Specter At The Feast

Black Rebel Motorcycle Club

Abstract Dragon/Vagrant Records, 2013

http://www.blackrebelmotorcycleclub.com

REVIEW BY: Tom Haugen

ORIGINALLY PUBLISHED: 04/15/2013

Each time a new Black Rebel Motorcycle Club disc arrives, it rests somewhere between great and absolutely essential. Like clockwork, since 2001 the Los Angeles via San Francisco rockers have released consistently great work every couple years or so. After suffering an unimaginable tragedy, Specter At The Feast, BRMC's seventh album, serves as not only a continuation of their noise rock meets alt-rock meets garage rock, but a memorial for their sound technician and singer's father who died while behind the soundboard at a show in Belgium in 2010. my_heart_sings_the_harmony_web_ad_alt_250

The band has always showed strong skill with thick grooves, and that's no different here. Additionally, they toss in a few subdued moments, mixing tuneful balladry with rock that pulls from all areas of the spectrum. Lead off track "Fire Walker" injects elegant keys into rumbling basslines, a foreshadowing of the gorgeous layering prevalent through the entire disc. The calmer tracks, "Some Kind Of Ghost" and "Sometimes The Light" are sophisticated and moody ebbs of true beauty, almost approaching shoegaze tendencies. However, they certainly keep things heavy on "Hate The Taste" and 'Rival," which sit on the cusp of hard rock. Melodies are front and center on "Lullaby," while "Sell It" brings distorted guitars while constructing sonic waves of noise.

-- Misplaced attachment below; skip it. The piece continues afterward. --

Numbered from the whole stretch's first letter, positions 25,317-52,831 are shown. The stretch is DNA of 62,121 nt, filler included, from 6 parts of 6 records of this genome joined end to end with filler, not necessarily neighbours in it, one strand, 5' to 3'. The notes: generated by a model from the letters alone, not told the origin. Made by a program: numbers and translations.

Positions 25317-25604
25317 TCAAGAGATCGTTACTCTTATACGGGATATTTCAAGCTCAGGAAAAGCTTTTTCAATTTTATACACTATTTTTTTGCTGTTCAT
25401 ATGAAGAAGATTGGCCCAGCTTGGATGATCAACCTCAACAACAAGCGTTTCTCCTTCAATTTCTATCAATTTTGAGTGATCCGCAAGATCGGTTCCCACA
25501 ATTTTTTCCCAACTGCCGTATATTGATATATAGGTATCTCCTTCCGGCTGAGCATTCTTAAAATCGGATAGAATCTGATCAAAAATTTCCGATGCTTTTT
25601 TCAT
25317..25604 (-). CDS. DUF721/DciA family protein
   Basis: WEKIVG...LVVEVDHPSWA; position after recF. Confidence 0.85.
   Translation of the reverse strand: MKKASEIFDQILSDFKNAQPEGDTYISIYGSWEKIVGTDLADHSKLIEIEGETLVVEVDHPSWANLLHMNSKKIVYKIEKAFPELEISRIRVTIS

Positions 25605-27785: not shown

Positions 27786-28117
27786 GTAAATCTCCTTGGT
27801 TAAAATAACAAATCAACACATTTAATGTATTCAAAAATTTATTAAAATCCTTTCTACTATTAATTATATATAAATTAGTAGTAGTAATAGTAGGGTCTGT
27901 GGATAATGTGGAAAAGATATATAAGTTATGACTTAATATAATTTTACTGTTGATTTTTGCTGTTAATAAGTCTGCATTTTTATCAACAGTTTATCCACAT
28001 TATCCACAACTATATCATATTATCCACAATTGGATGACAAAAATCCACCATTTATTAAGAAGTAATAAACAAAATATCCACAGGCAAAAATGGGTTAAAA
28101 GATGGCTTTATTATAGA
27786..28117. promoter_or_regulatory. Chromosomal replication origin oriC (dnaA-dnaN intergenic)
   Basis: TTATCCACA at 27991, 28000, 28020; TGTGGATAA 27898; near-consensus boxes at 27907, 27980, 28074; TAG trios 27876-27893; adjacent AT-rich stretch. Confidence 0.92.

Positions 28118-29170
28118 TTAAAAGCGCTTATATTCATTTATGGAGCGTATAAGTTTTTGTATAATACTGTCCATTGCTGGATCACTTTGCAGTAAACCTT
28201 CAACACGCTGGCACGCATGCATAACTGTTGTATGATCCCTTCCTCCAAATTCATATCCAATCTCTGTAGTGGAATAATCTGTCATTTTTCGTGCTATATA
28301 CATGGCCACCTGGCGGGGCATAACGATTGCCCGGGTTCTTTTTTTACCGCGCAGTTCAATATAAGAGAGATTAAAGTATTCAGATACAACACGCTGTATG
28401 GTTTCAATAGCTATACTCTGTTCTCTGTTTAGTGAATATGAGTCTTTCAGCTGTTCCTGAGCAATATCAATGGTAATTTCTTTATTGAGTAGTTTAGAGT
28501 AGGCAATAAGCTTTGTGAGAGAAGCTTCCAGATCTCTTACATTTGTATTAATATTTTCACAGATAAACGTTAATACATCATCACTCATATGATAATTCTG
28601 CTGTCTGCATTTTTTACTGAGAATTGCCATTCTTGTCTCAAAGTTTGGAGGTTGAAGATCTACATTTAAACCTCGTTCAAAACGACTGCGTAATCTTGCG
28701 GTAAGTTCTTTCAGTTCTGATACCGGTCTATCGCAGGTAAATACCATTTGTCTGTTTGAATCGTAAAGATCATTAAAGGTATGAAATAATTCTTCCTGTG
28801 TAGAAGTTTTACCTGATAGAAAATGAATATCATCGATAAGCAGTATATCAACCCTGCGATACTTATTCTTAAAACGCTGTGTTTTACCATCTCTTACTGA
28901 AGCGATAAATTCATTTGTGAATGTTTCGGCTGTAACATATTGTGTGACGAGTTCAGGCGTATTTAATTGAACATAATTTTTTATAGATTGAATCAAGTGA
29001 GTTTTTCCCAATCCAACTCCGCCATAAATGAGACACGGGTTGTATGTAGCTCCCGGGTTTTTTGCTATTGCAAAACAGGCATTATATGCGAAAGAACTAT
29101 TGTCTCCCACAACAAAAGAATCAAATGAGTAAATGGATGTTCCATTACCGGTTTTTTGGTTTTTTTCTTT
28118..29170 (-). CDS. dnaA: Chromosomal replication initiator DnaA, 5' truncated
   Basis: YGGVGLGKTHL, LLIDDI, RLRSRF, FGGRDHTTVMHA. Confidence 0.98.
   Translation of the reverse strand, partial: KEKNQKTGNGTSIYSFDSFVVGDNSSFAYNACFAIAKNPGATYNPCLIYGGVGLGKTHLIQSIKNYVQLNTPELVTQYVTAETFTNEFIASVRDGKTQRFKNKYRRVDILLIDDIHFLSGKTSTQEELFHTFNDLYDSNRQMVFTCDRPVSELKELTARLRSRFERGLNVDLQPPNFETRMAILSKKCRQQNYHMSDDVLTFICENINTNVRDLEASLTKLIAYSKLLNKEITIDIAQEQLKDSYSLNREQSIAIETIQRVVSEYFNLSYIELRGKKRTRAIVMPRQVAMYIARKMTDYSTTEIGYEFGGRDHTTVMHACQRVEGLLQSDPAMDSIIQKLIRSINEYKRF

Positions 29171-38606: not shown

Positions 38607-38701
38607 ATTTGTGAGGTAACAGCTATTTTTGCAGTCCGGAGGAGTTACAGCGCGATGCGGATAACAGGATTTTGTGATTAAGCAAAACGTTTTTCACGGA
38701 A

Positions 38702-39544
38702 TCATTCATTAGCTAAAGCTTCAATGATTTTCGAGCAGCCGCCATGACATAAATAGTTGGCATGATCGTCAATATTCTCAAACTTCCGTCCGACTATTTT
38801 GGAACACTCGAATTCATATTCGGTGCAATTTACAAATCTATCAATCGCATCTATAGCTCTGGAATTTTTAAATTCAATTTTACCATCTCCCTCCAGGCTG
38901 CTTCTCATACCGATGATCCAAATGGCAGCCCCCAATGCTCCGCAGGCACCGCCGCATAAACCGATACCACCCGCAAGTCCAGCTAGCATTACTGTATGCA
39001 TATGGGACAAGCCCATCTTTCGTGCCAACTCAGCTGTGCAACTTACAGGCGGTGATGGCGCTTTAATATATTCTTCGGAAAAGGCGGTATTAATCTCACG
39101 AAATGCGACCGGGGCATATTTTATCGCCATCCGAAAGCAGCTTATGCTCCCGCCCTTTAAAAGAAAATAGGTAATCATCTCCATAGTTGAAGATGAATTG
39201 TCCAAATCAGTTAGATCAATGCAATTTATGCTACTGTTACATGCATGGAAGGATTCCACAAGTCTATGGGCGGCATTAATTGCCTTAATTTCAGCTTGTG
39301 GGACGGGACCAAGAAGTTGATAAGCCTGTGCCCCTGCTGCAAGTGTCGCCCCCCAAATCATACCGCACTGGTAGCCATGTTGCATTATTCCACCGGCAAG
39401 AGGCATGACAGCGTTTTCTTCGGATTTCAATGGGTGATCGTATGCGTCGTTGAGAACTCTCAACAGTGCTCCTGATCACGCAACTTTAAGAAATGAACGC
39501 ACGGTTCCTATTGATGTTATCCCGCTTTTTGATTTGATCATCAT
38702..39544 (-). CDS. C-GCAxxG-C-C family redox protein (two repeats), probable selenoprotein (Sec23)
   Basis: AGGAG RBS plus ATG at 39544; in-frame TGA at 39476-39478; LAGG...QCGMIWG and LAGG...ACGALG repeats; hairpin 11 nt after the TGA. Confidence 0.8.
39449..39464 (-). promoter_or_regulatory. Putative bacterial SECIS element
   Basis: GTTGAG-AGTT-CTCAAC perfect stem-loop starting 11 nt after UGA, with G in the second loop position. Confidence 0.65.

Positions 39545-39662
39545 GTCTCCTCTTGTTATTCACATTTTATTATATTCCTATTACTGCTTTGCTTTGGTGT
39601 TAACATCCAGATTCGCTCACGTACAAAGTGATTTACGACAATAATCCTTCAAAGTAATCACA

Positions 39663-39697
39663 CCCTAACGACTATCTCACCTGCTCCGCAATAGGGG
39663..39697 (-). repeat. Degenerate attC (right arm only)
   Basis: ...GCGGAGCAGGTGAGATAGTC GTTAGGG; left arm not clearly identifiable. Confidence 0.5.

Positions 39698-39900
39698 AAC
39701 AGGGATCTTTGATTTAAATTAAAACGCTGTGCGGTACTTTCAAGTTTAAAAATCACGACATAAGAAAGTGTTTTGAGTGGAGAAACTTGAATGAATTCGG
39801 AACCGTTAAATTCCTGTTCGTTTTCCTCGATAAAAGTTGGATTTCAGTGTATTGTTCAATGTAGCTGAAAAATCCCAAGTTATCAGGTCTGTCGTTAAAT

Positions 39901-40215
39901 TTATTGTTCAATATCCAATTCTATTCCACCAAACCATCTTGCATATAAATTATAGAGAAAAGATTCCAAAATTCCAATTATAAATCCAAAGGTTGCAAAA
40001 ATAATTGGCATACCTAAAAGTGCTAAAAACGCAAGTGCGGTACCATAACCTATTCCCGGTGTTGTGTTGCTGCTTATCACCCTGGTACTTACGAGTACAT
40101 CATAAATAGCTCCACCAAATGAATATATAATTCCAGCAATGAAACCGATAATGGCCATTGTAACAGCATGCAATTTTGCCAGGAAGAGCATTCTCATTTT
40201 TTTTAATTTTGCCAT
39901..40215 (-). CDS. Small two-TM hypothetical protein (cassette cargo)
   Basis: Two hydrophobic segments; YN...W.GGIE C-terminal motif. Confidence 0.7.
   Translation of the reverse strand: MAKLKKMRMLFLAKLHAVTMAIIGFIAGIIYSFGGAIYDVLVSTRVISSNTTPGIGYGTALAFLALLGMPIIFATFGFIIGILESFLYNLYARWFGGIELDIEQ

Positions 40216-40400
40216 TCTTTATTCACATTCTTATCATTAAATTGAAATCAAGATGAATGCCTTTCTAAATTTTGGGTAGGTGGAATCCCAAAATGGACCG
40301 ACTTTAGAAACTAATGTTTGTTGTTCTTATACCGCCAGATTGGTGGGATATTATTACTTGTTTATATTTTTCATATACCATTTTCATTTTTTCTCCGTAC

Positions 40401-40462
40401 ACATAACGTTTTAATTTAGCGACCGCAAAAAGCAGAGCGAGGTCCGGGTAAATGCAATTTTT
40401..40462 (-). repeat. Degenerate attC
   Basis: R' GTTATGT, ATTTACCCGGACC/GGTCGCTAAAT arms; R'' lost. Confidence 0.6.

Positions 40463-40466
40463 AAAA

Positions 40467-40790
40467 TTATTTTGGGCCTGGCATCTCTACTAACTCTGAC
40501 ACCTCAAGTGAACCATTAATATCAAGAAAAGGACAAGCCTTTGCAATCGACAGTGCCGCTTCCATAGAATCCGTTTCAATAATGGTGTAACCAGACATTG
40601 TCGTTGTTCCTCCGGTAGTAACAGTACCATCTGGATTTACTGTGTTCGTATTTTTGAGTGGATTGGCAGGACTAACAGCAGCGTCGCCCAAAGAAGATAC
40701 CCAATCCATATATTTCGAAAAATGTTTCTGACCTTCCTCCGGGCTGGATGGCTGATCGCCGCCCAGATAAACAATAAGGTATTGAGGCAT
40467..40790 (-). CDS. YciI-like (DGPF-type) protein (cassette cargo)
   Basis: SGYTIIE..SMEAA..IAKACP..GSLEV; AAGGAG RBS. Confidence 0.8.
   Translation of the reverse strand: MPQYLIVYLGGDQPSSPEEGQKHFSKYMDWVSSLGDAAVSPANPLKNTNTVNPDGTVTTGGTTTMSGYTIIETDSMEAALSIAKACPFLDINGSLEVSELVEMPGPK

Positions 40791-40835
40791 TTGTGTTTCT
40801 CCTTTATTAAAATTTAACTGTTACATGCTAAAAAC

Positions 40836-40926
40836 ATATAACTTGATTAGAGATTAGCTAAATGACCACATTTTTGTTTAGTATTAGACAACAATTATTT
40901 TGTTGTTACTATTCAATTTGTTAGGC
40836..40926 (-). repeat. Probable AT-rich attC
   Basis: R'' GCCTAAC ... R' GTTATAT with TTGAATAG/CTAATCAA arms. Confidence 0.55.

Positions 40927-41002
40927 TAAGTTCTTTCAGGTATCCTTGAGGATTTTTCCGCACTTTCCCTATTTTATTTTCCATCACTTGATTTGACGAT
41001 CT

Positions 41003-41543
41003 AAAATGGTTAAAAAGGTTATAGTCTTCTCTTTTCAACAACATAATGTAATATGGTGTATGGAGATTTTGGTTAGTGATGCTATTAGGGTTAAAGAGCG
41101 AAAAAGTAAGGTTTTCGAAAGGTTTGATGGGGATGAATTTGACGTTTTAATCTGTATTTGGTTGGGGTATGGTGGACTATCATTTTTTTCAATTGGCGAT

Not surprisingly, one of the finest moments here is BRMC's cover of The Call's "Let The Day Begin." Robert Levon Been's father was Michael Been, who played in The Call and was considered the fourth member of BRMC when he passed. This is a perfect way of paying homage, a visceral and catchy alt-rock tribute, a perfect match of hard-hitting and restrained beauty.

This release is as good as anything BRMC has done and at some points better (the eight minute closer "Lose Yourself" is among their finest work). Specter At The Feast is as great a place as anywhere to start for the first time listener. For the longtime fan, this is as diverse as Beat The Devil's Tattoo, showing remarkable progression while staying true to their multifaceted rock sound.

Rating: B+

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